Despite criticism, a growing number of farmers, scientists, and development experts are advocate for a shift from high-input, chemical-intensive agriculture to low-input ecological farming.
Hans Herren, who won the 1995 World Food Prize for biological pest control, argues that Africa still does not need genetically modified cassava. Rather, natural solutions can treat pests and keep the soil and crops healthy.
For the fifth straight year, chronic hunger increased worldwide. But supporting small-scale farmers and ecologically sound farming practices has the potential to nourish communities and the planet.
While financial interests in the current input-intensive systems are responding to growing calls for agroecology with attacks on its efficacy, it is surprising that they are so ill-informed about the scientific innovations agroecology offers to small-scale farmers who are being so poorly served by “green revolution” approaches.
The Declaration on the Rights of Peasants and other People Working in Rural Areas, which was the product of some 17 years of diplomatic work led by the international peasant alliance La Via Campesina, formally extends human rights protections to farmers whose “seed sovereignty” is threatened by government and corporate practices.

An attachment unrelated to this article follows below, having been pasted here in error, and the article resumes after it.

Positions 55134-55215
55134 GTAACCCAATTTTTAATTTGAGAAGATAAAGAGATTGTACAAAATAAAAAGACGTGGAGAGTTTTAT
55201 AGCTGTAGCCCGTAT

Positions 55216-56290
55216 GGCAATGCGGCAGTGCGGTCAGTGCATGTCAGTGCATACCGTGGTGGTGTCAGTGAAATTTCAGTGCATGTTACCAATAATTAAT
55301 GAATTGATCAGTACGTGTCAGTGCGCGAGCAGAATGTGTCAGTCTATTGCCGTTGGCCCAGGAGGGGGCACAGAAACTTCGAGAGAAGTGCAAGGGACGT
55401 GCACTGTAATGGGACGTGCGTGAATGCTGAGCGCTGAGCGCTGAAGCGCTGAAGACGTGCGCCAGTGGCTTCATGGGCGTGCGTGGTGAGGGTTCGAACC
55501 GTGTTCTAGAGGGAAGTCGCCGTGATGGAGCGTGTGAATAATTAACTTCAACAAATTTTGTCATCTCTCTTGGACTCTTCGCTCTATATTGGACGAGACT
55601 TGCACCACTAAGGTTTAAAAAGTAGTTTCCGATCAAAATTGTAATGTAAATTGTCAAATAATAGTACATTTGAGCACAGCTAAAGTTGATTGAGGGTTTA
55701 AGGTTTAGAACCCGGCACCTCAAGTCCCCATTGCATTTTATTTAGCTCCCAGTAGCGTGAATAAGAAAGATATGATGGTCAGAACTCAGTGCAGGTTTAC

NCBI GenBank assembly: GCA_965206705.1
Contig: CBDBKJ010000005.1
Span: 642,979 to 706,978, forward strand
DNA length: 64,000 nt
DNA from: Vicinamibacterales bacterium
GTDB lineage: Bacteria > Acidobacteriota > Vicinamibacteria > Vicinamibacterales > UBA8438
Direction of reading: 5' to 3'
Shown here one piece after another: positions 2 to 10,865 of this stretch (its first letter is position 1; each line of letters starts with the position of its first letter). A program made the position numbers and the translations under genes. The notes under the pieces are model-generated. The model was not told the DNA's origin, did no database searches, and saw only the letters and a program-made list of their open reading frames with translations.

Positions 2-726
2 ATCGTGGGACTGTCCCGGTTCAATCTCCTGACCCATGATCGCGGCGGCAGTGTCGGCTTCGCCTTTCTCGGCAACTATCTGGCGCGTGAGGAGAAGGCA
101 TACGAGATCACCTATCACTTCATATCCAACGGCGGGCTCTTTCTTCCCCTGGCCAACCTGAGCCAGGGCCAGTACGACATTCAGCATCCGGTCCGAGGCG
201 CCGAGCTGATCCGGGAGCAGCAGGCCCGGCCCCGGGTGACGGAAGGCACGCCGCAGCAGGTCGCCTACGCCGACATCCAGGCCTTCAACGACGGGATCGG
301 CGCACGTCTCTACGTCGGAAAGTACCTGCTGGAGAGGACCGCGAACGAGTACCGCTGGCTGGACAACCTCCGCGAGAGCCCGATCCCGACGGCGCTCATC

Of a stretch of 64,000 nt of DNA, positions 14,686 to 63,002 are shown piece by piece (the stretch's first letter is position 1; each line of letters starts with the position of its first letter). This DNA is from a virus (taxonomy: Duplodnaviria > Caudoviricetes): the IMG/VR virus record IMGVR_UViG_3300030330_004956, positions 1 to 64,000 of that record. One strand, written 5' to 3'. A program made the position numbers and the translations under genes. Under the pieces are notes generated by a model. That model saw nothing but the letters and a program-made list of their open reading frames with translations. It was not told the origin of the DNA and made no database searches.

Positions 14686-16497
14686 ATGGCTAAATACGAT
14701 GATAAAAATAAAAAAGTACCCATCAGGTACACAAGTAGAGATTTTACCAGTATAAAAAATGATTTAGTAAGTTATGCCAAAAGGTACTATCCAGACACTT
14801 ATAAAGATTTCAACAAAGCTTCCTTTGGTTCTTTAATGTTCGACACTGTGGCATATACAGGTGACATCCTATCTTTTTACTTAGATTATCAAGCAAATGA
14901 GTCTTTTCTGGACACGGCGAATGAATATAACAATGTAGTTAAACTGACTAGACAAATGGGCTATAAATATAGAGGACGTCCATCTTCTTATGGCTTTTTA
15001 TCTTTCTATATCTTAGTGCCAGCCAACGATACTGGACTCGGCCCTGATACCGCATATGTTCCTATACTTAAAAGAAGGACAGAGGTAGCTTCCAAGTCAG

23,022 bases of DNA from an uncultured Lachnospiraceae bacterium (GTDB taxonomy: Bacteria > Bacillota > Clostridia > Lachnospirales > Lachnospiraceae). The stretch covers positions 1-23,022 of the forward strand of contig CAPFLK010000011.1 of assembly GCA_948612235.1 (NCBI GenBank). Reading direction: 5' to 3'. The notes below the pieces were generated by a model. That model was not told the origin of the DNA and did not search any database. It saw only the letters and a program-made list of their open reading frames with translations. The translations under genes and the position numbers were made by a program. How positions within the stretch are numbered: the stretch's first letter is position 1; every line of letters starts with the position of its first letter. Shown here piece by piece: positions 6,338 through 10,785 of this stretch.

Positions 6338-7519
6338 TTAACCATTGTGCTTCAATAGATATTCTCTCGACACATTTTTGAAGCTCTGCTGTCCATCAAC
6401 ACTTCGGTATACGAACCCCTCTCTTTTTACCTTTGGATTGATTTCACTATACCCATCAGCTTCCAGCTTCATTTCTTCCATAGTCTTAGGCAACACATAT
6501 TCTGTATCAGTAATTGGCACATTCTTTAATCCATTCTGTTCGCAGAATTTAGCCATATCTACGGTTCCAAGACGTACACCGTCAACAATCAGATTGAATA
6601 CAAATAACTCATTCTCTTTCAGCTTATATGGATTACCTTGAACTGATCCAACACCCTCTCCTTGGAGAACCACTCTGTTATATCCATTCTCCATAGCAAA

“If the associations are registered and the farmers have collective rights to some land, maybe the land grabbing can stop,” Zunguze told me. Association leaders planned to visit neighboring National Farmers Union cooperatives to learn how agro-ecology could help them grow more food for their families and communities.
López Obrador’s victory in Mexico brings hope for Mexican farmers expecting more self-sufficiency through a reduction in dependence on imports, chemical-intensive production methods, and GMOs. Promises of support for sustainable practices on small and medium-scale farms are on the horizon.
Andrés Manuel López Obrador of the National Regeneration Movement leads the political race to be the next President of Mexico and has endorsed a far-reaching set of reforms to improve Mexico’s rural sector. The program centers on the idea of “food sovereignty” and is sharply critical of NAFTA.
India’s food security and stockholding program uses precisely the same policies that the U.S. used in its early farm policy coming out of the Great Depression. Exactly the same: price supports, food reserves, administered markets, subsidies. The U.S. government used them because they work. India and other countries should be allowed to use them, too. Because they work.
India’s National Food Security Act (NFSA), is one of the most ambitious food security initiatives in the world, planning to buy food grains from small-scale farmers to distribute to some 840 million poor Indians, two-thirds of the country’s people.